Activity of Antimicrobial Peptide; Cathelicidin, on Bacterial Infection
Ami Febriza1, *, Mochammad Hatta2, Rosdiana Natzir3, Vivien N.A. Kasim4, Hasta H. Idrus5
1 Faculty of Medicine, Department of Physiology, University of Muhammadiyah Makassar, Indonesia, Postgraduate Doctoral Candidate of Science of Medicine, Faculty of Medicine, University of Hasanuddin, Makassar, Indonesia
2 Molecular Biology and Immunology Laboratory, Faculty of Medicine, Hasanuddin University, Makassar, Indonesia
3 Biochemistry Department, Faculty of Medicine, University of Hasanuddin, Makassar, Indonesia
4 Faculty of Sport and Health, University of State Gorontalo, Gorontalo, Indonesia
5 Department of Microbiology, Faculty of Medicine, University Muslim Indonesia, Makassar, Indonesia
Antimicrobial peptide is an effector molecule from the natural immune system which plays a central role in defense as an antimicrobial. Cathelicidin is one of the antimicrobial peptides. Human only has one cathelicidin antimicrobial peptide called LL-37 or hCAP18. The detailed mechanism on CAMP (Cathelicidin Antimicrobial Peptide) gene regulation is still unknown, however, cathelicidin is found to have upregulation when there is bacterial infection. The most effective expression inducer of CAMP gene is 1,25-dihydroxyvitamin D3 (1,25(OH)2 D3), which is the active form of vitamin D. Vitamin D mediates cathelicidin synthesis through the expression of Vitamin D Receptor (VDR), then the interaction activates CAMP gene to express cathelicidin. The work mechanisms of cathelicidin against bacterial infection include damaging the bacterial cell membrane, inducing autophagy process of macrophage cell, neutralizing LPS produced by bacteria, and chemotactic activities of PMNs, monocytes and lymphocytes.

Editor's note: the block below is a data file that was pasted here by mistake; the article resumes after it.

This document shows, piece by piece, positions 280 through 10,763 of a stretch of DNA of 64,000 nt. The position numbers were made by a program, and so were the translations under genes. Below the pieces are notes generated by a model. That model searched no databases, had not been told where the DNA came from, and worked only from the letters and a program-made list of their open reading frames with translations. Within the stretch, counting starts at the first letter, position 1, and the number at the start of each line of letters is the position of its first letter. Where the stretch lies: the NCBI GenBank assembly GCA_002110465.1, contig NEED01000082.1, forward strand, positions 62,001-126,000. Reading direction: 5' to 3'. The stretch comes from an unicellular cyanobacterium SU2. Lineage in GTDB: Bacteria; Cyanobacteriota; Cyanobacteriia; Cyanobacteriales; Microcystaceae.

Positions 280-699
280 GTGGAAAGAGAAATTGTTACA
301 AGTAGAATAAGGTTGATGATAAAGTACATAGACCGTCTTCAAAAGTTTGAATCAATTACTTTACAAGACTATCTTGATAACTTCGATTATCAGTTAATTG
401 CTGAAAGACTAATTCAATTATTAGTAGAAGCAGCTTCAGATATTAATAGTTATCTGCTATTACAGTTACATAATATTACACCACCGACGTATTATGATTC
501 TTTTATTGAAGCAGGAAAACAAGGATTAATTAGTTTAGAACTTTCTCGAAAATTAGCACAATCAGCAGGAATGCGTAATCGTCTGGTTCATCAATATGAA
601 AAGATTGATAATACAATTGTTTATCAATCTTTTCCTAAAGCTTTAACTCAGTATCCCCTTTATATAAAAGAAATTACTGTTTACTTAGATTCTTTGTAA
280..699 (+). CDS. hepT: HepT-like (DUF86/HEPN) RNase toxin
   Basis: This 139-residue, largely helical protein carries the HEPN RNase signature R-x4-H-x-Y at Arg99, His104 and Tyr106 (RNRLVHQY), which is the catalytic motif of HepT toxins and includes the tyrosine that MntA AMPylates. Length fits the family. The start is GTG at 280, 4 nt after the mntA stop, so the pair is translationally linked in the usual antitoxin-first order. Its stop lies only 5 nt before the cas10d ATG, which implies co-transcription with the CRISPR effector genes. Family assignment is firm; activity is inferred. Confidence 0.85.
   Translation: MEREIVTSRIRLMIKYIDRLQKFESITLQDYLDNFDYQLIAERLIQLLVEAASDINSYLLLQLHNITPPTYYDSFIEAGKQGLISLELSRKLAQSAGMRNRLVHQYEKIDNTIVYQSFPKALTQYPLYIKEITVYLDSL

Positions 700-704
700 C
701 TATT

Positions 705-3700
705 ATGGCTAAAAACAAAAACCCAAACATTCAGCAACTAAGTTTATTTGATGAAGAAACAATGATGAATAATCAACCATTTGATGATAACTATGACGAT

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* Address correspondence to this author at the Department of Physiology, Faculty of Medicine, University of Muhammadiyah Makassar, Jl Sultan Alauddin no. 259, Makassar, South Sulawesi, Indonesia;
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